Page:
There has been a spate of ports from PC to console recently and to be honest, I am living for it. It used to be the case that unless you had a PC, your access to some of the finest indie gems available were pretty limited beyond a hopeful prayer that they’d someday get greenlit for a port to your favourite console so it’s nice to see that changing in a direction of inclusion.
We’re talking about a game today that fits that bill. Depth of Extinction, the 2D turn-based tactical RPG with flecks of roguelike peppered in from HOF Studios is one of those little gems that I can very thankfully say deserved a port to consoles. Already having seen success on Steam, I was excited to get stuck into some strategic action.
So, let’s give a run down of the story. Depth of Extinction follows a narrative that isn’t uncommon. The Earth has been flooded a la post-apocalyptic fashion and the world that we once knew is no more. The surviving population make their homes on platforms and traverse the infinite ocean in submarines. It’s kind of like being Kevin Costner in Waterworld… albeit underwater and with more gratuitous killing.
You open to a scene between your initial team having a conversation with a synthetic android about finding three keys to take down a big nasty AI that is creating a weapon that will destroy humans for good. Unfortunately, the conversation doesn’t last long when the poor little robot is flanked by two juggernaut-like mechs that deliver one to his skull. One of your team remains behind to hold them off and you set off on you adventure to foil the machinations of the androids.
Typical gameplay is very reminiscent of XCOM. You have a team of characters that you can move around the map with the aim to dispatch enemies to the afterlife or meet a particular objective. Movement follows the ‘two action’ system, in that you have a blue and orange overlay. Moving within the blue overlay will expend one action allowing you to follow up with another action like firing at an enemy or you can choose to expend both your action points to cover greater distances in the orange overlay. You have a multitude of actions available to you from firing, defending and using overwatch to preemptively attack your enemies. As the game progresses and your characters level up, you’ll have access to more varying skill sets which can allow you to one-up the plentiful enemies you’ll encounter.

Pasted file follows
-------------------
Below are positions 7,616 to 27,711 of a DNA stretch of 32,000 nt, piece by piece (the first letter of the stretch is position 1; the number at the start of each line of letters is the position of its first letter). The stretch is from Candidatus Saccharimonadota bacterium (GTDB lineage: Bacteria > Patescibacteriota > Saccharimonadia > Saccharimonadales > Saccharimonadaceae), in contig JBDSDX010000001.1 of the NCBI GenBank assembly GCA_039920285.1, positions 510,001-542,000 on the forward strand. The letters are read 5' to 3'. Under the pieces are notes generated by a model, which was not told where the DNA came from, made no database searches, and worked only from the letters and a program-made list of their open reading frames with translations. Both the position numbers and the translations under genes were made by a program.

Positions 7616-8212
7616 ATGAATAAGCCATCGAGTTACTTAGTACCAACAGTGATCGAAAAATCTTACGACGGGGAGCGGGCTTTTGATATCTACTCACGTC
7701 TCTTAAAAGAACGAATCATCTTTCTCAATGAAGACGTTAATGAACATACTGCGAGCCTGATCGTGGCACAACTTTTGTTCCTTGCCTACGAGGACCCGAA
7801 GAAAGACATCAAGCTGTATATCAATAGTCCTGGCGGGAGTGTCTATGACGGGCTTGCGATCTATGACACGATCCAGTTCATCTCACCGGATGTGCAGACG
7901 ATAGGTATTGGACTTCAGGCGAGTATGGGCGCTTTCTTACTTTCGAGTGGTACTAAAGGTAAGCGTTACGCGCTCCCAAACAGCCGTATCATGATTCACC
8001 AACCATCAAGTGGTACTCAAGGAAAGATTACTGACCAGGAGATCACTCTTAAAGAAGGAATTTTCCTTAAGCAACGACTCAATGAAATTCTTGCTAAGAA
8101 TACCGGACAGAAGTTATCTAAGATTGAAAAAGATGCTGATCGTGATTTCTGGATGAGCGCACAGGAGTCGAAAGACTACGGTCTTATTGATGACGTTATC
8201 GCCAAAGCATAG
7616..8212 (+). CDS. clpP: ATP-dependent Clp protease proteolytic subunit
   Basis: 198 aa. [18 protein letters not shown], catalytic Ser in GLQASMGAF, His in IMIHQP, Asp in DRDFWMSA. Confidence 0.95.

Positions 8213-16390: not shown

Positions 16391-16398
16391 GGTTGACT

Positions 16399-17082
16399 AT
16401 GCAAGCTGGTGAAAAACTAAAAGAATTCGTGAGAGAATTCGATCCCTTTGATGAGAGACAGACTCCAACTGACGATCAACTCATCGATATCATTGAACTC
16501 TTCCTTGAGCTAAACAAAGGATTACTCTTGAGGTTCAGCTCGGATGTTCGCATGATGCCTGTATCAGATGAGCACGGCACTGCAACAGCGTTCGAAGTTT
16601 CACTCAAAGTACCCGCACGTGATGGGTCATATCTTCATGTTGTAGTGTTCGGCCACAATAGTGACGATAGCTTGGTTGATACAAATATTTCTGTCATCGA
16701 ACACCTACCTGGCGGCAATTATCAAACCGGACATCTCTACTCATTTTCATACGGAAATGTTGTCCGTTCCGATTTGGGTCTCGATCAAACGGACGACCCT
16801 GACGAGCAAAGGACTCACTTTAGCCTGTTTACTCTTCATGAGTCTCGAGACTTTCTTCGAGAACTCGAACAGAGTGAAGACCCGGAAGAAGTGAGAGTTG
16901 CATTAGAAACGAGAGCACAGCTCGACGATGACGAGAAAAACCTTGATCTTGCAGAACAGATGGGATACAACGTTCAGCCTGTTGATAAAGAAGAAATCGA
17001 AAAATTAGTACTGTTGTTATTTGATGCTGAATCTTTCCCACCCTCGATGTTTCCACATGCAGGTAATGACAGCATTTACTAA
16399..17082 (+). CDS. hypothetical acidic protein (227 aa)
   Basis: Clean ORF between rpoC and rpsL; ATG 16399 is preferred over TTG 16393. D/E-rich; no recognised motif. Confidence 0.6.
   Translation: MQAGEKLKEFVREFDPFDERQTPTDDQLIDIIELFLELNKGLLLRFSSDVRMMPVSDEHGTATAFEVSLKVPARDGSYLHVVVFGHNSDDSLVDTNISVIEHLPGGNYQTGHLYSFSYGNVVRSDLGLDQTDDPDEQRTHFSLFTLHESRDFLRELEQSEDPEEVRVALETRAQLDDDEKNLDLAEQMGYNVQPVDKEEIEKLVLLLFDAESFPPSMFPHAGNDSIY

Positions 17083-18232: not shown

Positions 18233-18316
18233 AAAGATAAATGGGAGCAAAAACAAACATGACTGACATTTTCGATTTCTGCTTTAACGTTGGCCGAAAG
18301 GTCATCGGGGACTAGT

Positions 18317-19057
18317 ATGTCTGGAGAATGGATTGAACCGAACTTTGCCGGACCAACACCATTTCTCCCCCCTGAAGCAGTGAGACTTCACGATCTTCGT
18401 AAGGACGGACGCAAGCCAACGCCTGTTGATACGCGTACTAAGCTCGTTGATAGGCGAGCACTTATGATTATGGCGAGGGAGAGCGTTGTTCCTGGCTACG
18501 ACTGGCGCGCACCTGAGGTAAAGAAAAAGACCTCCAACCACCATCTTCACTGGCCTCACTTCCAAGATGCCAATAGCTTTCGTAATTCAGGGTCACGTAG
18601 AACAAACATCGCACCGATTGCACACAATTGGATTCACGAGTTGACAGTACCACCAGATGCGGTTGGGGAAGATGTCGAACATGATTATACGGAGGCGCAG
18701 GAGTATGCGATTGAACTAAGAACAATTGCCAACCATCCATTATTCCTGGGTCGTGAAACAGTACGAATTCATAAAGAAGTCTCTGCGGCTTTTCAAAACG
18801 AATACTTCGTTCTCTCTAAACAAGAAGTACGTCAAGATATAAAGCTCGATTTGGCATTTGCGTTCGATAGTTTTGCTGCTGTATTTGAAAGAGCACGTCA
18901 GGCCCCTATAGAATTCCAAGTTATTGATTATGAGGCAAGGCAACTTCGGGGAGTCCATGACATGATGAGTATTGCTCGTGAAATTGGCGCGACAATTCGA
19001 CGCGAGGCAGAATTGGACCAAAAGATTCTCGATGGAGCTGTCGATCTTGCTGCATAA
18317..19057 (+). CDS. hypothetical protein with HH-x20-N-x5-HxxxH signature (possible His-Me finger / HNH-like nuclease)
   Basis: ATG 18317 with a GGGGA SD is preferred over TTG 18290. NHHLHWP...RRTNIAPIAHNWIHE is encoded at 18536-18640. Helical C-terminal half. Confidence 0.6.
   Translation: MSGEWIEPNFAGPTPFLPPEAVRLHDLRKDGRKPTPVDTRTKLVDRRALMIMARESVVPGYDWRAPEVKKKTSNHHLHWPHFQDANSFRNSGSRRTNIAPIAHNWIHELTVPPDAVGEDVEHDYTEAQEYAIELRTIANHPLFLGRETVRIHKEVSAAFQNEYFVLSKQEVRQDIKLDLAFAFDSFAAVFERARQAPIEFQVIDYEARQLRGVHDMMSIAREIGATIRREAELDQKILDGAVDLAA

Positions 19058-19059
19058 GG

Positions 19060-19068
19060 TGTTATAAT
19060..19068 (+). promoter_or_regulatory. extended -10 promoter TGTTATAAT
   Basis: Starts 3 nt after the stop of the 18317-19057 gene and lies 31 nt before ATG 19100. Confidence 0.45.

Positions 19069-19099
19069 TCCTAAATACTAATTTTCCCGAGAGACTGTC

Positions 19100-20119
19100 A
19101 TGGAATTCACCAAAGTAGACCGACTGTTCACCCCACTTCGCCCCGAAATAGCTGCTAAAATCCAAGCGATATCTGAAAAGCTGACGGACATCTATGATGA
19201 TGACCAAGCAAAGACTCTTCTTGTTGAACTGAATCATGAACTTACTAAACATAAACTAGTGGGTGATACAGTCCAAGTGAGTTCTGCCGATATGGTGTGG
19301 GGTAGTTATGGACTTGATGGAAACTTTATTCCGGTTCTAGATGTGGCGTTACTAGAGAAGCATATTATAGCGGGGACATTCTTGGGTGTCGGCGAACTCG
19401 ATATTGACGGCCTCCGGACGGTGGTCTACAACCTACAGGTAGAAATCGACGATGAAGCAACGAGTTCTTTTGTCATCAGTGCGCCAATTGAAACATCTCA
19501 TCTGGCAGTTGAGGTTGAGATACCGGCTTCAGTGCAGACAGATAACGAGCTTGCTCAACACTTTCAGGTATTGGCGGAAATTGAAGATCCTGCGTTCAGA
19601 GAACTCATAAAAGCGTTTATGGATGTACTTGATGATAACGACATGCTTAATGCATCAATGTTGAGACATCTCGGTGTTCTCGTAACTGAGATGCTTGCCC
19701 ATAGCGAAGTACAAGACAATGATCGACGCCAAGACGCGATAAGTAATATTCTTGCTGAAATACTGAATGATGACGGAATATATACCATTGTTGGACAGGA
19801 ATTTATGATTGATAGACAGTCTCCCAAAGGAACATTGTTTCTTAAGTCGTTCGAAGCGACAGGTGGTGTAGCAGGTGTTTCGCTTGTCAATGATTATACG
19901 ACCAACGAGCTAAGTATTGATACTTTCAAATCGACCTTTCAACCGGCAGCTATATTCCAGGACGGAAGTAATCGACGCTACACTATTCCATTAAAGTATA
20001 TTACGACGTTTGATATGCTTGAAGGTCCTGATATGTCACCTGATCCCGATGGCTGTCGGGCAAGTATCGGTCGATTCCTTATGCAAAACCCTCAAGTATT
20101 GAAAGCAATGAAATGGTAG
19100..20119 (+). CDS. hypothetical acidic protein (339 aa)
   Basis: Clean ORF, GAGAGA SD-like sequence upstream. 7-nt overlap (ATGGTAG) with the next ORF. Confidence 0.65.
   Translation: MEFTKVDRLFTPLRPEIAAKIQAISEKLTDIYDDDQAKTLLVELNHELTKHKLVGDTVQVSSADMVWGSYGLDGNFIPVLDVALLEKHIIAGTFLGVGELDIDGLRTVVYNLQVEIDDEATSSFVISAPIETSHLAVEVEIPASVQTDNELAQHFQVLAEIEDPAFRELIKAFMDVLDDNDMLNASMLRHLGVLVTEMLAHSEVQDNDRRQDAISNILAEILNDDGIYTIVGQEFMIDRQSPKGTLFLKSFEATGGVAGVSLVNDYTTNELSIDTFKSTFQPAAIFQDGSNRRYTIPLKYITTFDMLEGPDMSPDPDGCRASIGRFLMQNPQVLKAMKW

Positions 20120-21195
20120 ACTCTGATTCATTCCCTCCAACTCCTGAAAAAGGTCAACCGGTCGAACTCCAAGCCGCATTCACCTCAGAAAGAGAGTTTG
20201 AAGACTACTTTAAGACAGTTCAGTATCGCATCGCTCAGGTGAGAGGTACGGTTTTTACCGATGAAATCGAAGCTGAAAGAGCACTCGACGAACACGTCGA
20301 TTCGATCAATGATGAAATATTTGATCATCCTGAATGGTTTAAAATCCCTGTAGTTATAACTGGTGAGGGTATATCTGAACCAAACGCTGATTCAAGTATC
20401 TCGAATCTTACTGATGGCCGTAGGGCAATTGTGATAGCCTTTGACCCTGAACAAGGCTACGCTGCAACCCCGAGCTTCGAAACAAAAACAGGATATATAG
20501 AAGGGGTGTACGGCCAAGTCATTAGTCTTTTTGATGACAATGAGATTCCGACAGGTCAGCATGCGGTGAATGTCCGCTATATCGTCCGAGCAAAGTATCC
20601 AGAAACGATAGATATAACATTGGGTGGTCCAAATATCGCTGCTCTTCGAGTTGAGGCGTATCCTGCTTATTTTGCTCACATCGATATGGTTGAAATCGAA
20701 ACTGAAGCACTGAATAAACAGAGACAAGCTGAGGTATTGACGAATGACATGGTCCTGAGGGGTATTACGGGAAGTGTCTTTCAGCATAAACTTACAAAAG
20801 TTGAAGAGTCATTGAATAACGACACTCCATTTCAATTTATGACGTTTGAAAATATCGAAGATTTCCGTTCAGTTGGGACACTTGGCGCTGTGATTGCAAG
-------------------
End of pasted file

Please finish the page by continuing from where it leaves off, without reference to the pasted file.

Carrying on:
Much like XCOM, your success in Depth of Extinction relies on your positioning and use of cover. Objects within the maps will have varying levels of cover and it is up to you to decide how to utilize them. Cover will give a range of penalties to enemy chance to hit, but keep in mind this is equally true for you too. Your chance to hit relies heavily on your ability to see, cover and the distance needed for your characters weapons to be effective. So, you won’t be firing a shotgun halfway across the map and scoring a hit and nor will you be able to point blank an enemy’s midpoint with a sniper rifle. Cover is also full destructible which keeps the action intense and stops you turtling entire engagements. It adds a nice touch of depth to the whole experience, and certainly makes for a more meaningful strategy experience.
You’ll come across various potential team members on your journey to facilitate your needs and will be able to field a squad of six on your incursions. These are all displayed with differing faces and sprites and some really mean sounding names like ‘Big Dog’ and ‘Scorpion’ to show you they mean business. I will say that there wasn’t a massive difference between how they look with deviation coming in the form of hair, beards or the occasional facial accessory. The characters also don’t have any individual personality traits beyond class. It didn’t take anything away from the overall experience, but naturally I felt less attached to my individual team members because they were just too rank and file.